I can’t believe my son is TEN!!! 😦 (For the second year in a row, he requested that his Birthday “Number Cookies” be Roman Numerals!)

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For the Vanilla Bean Bundt Cake:

  • 3 cups (375 g) all-purpose flour, sifted
  • 1 teaspoon (4 g) baking powder
  • 1/2 teaspoon (2 g) baking soda
  • 1/2 teaspoon (4 g) salt
  • 1 cup + 2 tablespoons (2-1/4 sticks)(255 g) unsalted butter, softened
  • 1-3/4 cups (350 g) granulated sugar
  • 2 vanilla beans, halved lengthwise or 2 tablespoons (30 ml) vanilla bean paste
  • 4 large eggs, at room temperature
  • 1/4 teaspoon (1.25 ml) pure lemon extract, optional but recommended
  • 1 cup (240 ml) buttermilk, at room temperature

For the Vanilla Bean Glaze:

  • 1 vanilla bean, split and scraped or 1 tablespoon 915 ml) vanilla bean paste
  • 2-3 tablespoons (30-45 ml) whole milk
  • about 1 cup confectioners’ sugar

For the Dark Chocolate Ganache Glaze:

  • 3 oz dark bittersweet chocolate,  finely chopped/shaved  (I used 72% cacao dark chocolate)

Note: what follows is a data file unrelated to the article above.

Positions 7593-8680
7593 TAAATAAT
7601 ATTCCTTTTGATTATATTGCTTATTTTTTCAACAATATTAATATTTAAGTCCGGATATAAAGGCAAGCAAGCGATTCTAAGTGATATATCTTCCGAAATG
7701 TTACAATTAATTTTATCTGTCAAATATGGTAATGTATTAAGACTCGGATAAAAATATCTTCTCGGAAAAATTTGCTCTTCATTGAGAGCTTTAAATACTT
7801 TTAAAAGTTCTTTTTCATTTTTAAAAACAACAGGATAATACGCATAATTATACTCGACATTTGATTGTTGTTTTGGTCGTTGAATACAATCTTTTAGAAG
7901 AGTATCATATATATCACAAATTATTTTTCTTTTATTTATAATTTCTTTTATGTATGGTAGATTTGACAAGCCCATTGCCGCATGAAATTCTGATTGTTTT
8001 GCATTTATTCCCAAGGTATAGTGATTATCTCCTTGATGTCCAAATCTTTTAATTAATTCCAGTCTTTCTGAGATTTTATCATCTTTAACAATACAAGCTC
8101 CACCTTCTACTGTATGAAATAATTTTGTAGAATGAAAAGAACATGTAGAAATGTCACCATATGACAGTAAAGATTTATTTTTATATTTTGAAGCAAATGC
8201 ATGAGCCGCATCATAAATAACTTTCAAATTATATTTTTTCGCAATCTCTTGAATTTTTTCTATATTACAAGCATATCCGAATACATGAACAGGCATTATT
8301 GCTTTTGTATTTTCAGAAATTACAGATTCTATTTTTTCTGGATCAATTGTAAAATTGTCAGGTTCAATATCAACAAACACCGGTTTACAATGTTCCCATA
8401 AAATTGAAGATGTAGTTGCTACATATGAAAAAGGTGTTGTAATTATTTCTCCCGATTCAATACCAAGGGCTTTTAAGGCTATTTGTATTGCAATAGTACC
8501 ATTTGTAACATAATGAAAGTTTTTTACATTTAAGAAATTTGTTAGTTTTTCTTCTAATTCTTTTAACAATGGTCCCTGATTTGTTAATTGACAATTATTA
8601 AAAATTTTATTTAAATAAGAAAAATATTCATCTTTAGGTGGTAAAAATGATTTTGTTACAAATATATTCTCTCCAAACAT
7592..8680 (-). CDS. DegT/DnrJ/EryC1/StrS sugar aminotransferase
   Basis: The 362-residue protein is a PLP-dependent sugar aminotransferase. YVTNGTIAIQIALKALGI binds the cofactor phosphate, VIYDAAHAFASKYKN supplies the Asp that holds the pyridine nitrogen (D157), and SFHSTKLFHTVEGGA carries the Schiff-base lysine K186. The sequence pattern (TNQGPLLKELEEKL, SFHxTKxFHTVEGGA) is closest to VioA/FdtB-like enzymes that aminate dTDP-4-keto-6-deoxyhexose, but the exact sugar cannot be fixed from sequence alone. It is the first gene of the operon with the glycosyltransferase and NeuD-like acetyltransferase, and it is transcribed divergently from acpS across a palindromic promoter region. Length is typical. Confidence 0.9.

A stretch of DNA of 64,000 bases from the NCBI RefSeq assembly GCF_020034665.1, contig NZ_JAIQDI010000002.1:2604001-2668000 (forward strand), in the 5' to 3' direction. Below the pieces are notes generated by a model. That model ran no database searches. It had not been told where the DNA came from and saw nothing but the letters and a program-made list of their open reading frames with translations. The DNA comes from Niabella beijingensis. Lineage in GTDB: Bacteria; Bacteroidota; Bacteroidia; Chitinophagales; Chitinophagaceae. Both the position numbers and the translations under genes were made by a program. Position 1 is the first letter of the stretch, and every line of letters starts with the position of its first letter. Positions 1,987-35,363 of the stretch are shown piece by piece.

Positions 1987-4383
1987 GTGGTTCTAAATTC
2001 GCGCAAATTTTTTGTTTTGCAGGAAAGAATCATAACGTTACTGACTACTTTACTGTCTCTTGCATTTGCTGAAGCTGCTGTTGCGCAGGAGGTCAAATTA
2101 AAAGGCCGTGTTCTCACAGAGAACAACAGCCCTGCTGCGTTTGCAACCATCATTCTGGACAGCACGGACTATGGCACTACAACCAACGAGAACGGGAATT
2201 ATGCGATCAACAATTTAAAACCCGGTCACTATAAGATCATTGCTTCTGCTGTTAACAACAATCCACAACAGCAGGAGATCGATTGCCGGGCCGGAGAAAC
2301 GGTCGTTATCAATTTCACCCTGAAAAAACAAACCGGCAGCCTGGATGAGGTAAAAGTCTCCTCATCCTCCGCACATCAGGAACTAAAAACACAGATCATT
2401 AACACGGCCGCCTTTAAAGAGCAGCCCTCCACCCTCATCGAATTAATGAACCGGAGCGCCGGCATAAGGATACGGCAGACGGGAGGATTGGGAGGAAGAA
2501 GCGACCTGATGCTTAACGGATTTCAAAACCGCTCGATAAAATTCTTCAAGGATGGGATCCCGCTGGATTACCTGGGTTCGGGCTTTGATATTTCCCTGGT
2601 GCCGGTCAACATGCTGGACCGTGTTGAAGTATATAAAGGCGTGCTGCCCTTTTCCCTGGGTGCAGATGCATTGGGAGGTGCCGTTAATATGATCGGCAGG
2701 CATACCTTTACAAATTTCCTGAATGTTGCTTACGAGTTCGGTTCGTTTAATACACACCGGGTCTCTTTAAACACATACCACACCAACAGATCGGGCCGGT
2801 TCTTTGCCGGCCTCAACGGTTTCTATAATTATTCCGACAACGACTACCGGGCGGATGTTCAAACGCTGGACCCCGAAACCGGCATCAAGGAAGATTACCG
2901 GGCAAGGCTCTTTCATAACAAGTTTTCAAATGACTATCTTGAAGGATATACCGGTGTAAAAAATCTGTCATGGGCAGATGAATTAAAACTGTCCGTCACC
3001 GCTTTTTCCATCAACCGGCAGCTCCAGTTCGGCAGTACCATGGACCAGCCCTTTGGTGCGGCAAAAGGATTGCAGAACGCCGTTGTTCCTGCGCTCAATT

• 1/2 T corn syrup
  • 1/2 T unsalted butter
  • pinch of coarse salt
  • 5 T heavy cream

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For the Cake:

  1. Preheat oven to 350°F (convection) with rack in middle. Generously butter pan and dust with flour, knocking out excess.
  2. Weigh and then whisk together dry ingredients: flour, baking powder, baking soda, and salt. Set aside.
  3. Beat together butter and sugar in an electric mixer at medium speed until pale and fluffy, about 5 minutes. Scrape seeds from vanilla beans with tip of a paring knife and add into butter mixture, reserving pods for another use, and beat until well combined, about 1 minute.